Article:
Monday, August 10, 2020

Is Charles Barkley correct about “brainwashed” African Americans?

barkleyNBA Hall of Famer Charles Barkley spoke candidly about the problems facing the black community when appearing on a Philadelphia radio station, accusing “unintelligent,” “brainwashed” African-Americans of keeping successful ones down.

While appearing on “Afternoons with Anthony Gargano and Rob Ellis,” Barkley was asked about a rumor that Seattle Seahawks QB Russell Wilson was getting criticism from his black teammates for not being, quote, “black enough.”

Barkley went on a long monologue on the subject: ”Unfortunately, as I tell my white friends, we as black people, we’re never going to be successful, not because of you white people, but because of other black people. When you’re black, you have to deal with so much crap in your life from other black people. It’s a dirty, dark secret; I’m glad it’s coming out.”

Barkley said that young black men who do well in school are accused of “acting white” by their peers. “One of the reasons we’re never going to be successful as a whole, because of other black people. And for some reason we are brainwashed to think, if you’re not a thug or an idiot, you’re not black enough. If you go to school, make good grades, speak intelligent, and don’t break the law, you’re not a good black person. And it’s a dirty, dark secret.”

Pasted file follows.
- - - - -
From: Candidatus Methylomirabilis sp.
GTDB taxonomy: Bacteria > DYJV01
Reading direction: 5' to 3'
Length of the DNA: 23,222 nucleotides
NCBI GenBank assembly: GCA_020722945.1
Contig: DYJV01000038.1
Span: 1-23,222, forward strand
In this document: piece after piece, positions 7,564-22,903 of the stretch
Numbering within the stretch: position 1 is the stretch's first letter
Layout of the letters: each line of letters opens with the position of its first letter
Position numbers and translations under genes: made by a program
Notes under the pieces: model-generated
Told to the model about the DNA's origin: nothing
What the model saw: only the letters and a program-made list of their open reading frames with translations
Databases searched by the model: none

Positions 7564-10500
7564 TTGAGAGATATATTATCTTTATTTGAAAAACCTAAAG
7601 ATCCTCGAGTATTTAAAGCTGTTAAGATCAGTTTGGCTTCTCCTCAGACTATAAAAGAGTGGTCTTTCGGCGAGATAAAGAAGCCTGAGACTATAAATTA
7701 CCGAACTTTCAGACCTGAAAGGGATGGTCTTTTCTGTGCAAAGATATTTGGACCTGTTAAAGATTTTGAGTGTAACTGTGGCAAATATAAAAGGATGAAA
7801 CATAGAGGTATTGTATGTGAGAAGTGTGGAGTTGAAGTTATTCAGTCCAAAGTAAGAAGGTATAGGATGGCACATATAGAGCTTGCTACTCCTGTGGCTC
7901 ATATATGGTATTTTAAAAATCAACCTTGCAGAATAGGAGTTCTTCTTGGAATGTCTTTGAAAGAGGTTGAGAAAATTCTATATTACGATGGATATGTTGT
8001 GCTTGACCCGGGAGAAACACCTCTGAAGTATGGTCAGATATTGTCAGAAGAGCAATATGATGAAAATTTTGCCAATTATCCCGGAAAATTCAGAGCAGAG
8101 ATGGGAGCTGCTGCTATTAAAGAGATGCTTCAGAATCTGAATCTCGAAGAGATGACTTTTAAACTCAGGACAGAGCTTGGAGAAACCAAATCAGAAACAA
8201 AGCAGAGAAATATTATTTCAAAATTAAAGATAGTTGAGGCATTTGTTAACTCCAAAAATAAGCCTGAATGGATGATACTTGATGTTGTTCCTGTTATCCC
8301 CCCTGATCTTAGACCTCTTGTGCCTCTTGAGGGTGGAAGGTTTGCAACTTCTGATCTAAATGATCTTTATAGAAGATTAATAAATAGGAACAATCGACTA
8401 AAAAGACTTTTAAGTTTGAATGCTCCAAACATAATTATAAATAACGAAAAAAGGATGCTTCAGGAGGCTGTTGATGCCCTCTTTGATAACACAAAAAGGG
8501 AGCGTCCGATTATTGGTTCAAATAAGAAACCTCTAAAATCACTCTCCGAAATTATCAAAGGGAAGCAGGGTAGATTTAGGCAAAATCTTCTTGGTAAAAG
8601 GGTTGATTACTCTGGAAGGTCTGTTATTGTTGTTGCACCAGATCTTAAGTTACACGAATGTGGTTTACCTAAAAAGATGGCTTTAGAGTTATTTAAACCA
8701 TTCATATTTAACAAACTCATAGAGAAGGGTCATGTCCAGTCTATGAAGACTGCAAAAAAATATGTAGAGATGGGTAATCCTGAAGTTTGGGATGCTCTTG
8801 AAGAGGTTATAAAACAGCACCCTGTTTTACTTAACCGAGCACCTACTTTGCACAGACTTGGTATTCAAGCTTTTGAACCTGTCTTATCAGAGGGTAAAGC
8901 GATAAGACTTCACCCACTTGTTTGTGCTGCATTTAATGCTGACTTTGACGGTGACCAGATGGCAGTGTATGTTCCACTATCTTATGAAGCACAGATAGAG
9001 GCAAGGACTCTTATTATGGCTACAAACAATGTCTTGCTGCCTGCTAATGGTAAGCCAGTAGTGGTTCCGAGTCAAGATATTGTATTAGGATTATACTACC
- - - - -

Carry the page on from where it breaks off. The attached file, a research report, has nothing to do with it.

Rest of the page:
Read more here.

So is Barkley on track, or another Black elitest unconcerned about the problems of Blacks who have not found success?


  1. Charles Barkley is correct….somewhat. In order to be entirely correct, he would have to cover more angles of the story. For instance, there are good things which can be said about resisting the oppressor which is what many folk think they are doing when they come out against doing things like the oppressor. This is what could be expected from an athlete who was trained in the fine points of the great sport of basketball as opposed to one who studies life and stuff other than entertainment – which is what basketball happens to be. We should take what our entertainers say with a “grain of salt”. This is not to say that wisdom cannot come from the mouth of a former athlete. But there are many that I’d listen to before I would take Sir Charles word as the “gospel”.

  2. Barkley has experiences that have given him his perspective, and it is not unfounded. No matter what you think about Barkley, at least he had the guts to state them and stand by them. Sure, what he’s saying isn’t the gospel, just like so many other perspectives offered on the myriad of issues that fill our our news programs each night.

    Race discussions are slippery slopes, but again he’s entitled to his opinion just like anyone else.

    To read my commentary on it, see


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